commercial loan executive summary Once you have a house under contract, begin to put together your "property information package". This packet will include a cover page with a picture of the property and your info. The next page will be a one page Executive Summary describing your goals, they types of attributes you are interested and preferably, some examples of deals or perhaps experience you have that will help you perform these deals. There are a lot of templates on the internet. Simply search "executive summary template". The 3rd page will be pictures and features of the property. Listing the bedrooms, bathrooms along with other selling points. The fourth page should be the county assessor's page. Just go to your region website and enter the tackle. You will then be able to print out the actual assessor's page with the total area, yr. built, bedrooms, bath rooms, etc ... All information you will need whenever you get insurance... but a few save that for later on.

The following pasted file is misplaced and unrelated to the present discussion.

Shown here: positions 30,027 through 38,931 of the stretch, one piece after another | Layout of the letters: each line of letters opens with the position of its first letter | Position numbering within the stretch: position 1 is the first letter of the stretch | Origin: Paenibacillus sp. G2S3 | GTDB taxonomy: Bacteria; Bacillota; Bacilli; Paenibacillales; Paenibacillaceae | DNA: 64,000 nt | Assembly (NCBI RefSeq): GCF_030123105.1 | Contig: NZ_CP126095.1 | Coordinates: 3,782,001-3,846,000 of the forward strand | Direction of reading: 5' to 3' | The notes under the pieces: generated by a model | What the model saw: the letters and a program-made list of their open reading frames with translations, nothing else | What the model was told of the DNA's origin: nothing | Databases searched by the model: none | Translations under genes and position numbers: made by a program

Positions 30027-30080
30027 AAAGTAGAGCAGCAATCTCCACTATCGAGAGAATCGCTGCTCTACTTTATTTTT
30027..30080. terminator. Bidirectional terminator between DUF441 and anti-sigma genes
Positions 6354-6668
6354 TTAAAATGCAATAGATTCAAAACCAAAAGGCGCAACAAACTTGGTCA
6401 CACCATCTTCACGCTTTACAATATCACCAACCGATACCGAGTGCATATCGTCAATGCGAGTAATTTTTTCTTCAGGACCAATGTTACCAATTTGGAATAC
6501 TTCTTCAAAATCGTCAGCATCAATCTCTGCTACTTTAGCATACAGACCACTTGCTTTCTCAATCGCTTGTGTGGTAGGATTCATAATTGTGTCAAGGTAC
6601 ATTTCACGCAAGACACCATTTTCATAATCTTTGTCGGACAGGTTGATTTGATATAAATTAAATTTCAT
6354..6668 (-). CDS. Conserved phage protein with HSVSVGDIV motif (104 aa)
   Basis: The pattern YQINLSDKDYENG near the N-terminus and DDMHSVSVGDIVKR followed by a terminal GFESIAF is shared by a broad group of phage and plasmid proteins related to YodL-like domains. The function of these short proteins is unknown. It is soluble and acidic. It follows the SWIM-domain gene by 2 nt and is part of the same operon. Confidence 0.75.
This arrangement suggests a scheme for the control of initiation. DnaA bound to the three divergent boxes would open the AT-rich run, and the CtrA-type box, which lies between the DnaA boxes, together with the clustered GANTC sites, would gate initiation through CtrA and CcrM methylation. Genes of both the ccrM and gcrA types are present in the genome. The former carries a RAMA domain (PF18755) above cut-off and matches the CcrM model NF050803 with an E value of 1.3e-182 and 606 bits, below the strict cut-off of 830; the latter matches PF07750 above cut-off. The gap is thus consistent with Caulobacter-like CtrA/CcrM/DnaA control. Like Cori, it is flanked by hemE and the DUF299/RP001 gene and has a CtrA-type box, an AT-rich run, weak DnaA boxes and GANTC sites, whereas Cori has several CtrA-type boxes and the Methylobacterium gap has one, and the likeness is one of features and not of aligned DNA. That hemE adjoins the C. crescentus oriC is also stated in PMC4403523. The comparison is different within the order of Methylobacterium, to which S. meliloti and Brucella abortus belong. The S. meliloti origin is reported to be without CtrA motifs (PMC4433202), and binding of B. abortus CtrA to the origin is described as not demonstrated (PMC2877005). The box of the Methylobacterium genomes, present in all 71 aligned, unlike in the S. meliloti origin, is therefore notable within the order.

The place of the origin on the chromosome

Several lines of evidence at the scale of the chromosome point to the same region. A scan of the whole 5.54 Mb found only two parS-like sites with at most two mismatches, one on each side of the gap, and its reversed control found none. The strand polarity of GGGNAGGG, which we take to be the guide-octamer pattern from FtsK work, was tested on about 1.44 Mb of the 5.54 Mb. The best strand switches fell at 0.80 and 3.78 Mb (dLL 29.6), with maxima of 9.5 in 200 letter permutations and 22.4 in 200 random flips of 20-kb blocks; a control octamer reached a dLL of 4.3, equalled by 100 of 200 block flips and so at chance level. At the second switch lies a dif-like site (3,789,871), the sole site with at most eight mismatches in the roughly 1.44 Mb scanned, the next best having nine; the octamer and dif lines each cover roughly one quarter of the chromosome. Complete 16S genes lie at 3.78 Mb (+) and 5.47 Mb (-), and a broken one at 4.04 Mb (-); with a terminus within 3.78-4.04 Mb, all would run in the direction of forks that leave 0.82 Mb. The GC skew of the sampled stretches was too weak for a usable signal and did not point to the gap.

The 5th page would be the Tax record page, displaying the estimated taxes you are going to pay. Page 6 is a printout from RealEstateABC. com. Just enter the property deal with and you will get a report demonstrating the estimated value of the home along with a map of the area. Page 7 will come through Zillow. com. Enter the street address and you will get another evaluation estimate along with comparable product sales data. If possible, highlight comps that flatter your property including photos. When you go out to get photos of the property, take photos of similar houses on the street. commercial loan executive summary You can include these types of photos along with the zillow web page and get some basic appraisal info. Contact a Title Insurance company and provide them the information. The seller/wholesaler will have sent a copy from the contract already most likely when you let them know where to send this. The closing attorney (usually the Title Insurance company works with one) can draw up the Promissory Note and the Mortgage documents. While you don't have to, it's a good idea in order to request a "lender's policy" on the Title Insurance along with your policy. In the event the loan company has to take over the property, she or he then has the title insurance coverage. Banks require this also it really puts the lender comfortable.